Chris Tremblay has a lofty ambition: to visit all 3000 of British Columbia’s waterfalls. Naturally, this quest has brought him to the Tumbler Ridge Global Geopark, with its plethora of waterfalls. Not content with visiting the standard set of accessible falls, Chris ventured high into the wilderness of Monkman Provincial Park with his buddy Jarius Trelenberg to reach spectacular Courtipat Falls below Lupin Lake.
En route not only did they document and photograph two waterfalls upstream from the main falls, but they encountered an underground stream passage, a subsurface drainage feature characteristic of limestone rocks (the rocks and peaks around Lupin Lake are from the Devonian Period, about 390 million years old).
Here a creek tumbles into a deep crack in the limestone rocks and disappears, only to re-emerge from a cave as a small waterfall 150 metres down the valley. When Chris visited in late summer, water levels were low enough that entry into and up this underground river system was feasible, providing an awe-inspiring subterranean experience.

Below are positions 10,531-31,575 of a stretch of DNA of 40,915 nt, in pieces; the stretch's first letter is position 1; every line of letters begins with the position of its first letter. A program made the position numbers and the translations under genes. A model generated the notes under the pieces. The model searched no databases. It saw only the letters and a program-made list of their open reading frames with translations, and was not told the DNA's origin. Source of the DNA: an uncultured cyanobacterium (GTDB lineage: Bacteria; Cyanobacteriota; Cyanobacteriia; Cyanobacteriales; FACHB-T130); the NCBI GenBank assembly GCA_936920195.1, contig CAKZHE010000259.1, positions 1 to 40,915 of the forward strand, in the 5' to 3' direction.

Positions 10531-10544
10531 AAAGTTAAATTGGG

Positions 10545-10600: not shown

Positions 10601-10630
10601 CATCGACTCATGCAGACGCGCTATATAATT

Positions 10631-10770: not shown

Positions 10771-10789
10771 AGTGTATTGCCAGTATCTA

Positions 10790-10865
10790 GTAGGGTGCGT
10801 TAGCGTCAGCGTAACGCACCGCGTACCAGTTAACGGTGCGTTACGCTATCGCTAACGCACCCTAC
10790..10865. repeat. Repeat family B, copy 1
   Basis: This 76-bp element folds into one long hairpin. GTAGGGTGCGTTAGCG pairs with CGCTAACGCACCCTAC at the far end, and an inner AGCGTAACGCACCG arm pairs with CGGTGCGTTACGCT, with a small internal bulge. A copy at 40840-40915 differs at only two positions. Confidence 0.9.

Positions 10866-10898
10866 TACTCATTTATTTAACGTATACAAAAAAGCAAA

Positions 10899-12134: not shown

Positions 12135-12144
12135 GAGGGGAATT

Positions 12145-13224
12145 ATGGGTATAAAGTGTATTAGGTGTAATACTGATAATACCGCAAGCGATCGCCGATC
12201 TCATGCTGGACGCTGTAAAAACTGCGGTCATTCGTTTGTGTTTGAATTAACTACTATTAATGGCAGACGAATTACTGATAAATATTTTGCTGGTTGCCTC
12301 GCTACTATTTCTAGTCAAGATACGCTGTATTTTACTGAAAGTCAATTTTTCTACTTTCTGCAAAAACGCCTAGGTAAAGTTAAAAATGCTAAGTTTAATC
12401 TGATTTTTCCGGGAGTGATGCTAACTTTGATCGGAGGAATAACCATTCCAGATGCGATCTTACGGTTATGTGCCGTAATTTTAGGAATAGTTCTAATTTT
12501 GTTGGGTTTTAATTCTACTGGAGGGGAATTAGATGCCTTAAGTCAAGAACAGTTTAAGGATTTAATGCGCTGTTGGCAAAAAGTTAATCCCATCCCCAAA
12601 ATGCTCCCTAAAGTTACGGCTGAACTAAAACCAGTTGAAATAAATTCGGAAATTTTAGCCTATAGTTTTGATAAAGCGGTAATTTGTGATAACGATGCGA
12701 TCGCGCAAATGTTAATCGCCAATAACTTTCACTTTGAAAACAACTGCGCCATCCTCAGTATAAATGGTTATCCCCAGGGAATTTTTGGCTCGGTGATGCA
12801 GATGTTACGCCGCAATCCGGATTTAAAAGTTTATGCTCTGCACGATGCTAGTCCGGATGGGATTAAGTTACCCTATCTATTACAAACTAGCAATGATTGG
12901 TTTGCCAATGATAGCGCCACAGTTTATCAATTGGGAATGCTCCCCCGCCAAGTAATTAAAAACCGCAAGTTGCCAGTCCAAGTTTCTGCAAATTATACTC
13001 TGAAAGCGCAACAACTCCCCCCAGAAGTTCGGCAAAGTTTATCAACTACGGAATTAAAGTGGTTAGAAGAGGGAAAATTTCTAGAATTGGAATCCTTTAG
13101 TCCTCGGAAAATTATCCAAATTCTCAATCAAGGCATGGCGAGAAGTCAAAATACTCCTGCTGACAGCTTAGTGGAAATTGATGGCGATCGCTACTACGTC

Beside the impressive Courtipat Falls, another stream emerges from an inaccessible opening in the high limestone cliffs. Courtipat Falls is names after Alfred Courtipat, a trapper from Kelly Lake, who worked the area many years before Monkman Provincial Park was designated.
Access to this remote area is challenging. It involves trailless alpine wilderness and ridges from the Monkman Tarns area, which in turn is accessed by a challenging route up from Monkman Lake (which is 24 kilometres from the trailhead at the Kinuseo Falls campground). The underground stream passage is to be found 100 metres up the main creek that enters Lupin Lake from the south, about 400 metres from the west end of the lake.
Chris Tremblay’s evocative photographs capture the majesty and excitement of this remote Geosite.